THE Volvo XC40's story is in many ways a reflection of the changing car industry and the shift from internal combustion engines to electric power.
Still a relatively new model in the greater scheme of things, when the XC40 was launched you could get it in either petrol or diesel form,
Fast forward a few years and diesel is no longer an option.
You can still buy one with a petrol engine but the range is now heavily biased towards hybrids - either mild or plug-in - and the newest recruit is an all-electric model.
The Recharge Electric represents a bold statement about Volvo's electric future, a destination the Swedish brand is travelling irreversibly to with every other car maker.
The future's electric and it's really now just about the nature and pace of the journey there, rather than wondering whether it's going to happen.
One aspect of that journey is whether car makers re-invent existing cars as electric models or start again from the ground up.
It's fair to say there's a tandem approach, with some old favourites getting the electric treatment but also purpose-built bespoke EVs where companies have started with a clean slate and created a new EV from the ground up. Some companies do both.
Volvo hasn't developed a new electric model from scratch, in the way Skoda or Volkswagen have done with the Enyaq or ID-3.
However, it's certainly the case that when the XC40 was launched Volvo planned to be able to adapt it accordingly in line with industry powertrain trends.
The result of that is that the XC40 Recharge Electric feels very much like a bespoke EV rather than an afterthought.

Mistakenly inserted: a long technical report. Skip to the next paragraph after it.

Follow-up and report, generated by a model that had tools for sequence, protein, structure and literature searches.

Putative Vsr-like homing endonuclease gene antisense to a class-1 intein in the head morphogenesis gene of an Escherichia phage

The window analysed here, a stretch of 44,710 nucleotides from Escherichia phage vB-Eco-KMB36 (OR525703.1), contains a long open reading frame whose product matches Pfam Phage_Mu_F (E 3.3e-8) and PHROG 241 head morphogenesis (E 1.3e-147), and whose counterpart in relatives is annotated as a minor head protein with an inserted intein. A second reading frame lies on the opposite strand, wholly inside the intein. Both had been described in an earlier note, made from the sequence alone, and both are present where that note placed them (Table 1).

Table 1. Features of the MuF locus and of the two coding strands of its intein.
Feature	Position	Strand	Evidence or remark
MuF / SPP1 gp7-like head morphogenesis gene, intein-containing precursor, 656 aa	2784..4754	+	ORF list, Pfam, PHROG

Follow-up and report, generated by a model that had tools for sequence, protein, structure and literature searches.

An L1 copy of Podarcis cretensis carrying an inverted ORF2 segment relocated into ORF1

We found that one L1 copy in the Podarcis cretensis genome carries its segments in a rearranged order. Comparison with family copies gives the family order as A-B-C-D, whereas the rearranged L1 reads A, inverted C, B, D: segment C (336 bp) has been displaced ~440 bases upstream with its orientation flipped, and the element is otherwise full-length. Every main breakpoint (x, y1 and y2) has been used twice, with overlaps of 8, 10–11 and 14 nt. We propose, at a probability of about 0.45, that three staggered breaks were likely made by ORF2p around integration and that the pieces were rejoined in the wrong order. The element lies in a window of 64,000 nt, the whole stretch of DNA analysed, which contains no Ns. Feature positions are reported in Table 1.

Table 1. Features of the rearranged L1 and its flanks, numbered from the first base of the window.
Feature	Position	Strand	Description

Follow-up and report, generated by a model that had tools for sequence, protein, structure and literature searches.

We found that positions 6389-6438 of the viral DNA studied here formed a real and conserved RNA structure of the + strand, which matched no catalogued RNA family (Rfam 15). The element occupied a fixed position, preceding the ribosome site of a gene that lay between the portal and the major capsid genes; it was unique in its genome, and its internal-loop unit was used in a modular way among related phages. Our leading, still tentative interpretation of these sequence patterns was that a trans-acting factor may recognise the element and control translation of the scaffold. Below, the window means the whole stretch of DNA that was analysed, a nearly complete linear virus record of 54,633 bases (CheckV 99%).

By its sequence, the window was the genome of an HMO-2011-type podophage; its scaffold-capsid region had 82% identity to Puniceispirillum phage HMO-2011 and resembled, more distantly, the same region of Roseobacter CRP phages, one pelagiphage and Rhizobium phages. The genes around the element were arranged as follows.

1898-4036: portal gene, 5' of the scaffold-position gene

Essentially there are two versions available that offer different power options.
Buyers can go for a 69kWh battery with a single electric motor producing 228bhp or a 78kWh battery with two motors and producing an impressive 402bhp.
While that's quite a big power difference, both batteries offer a range of up to 259 miles.
Currently Volvo is offering three trim levels, Core, Plus and Ultimate.
The Core only comes with the single motor and costs from £45,750. The Plus and Ultimate models can come with a single motor or twin motors. The Ultimate model with twin motors costs from £60,300.
I had the chance to experience the more powerful model and power is without doubt a prevailing theme.
All-electric vehicles are always sprightly and people driving one for the first time tend to be pleasantly surprised at just how quick they are.
The higher-powered all-electric XC40 is a real wolf in sheep's clothing and has a turn of pace that is nothing short of blistering.
Put your foot to the floor in this otherwise sedate looking family SUV and it will put a smile on your face every time.
It could definitely give some of the more performance-focused SUVs a real run for their money, though conversely it almost feels strangely surreal in what is ultimately a fairly sedate and sensible looking crossover.
That power doesn't come cheap though and it means if you opt for a twin motor model you'll be in the sort of price bracket occupied by premium EVs.
Is the XC40 able to stand-up against such lofty rivals as the Jaguar I-Pace or Audi E-tron? The answer is a qualified yes. To me it felt up there with the best though whether buyers shelling out £60,000 or thereabouts will agree is an altogether different matter.
The XC40 is a great car, whether it's an EV or not, and although there's a temptation to look down on it to some extent as the smallest of Volvo's SUVs it's hardly a small car - being plenty big enough to serve admirably as a family motor.
On the inside the XC40 Recharge Electric is plush and stylish.
Volvo have really hit the nail on the head with their tablet-style touchscreen, which allows you to control most of the car's functions.
It's a system that is also exceptionally intuitive and easy to use.
I also loved the level of automation, an example being you simply sit in the driver's seat and sensors switch the car on - there are no buttons to press.
A Volvo wouldn't be a Volvo without an impressive array of safety features and every XC40 comes with City Safety - which includes pedestrian, cyclist and large animal detection and front collision warning with fully automatic emergency braking, including at junctions.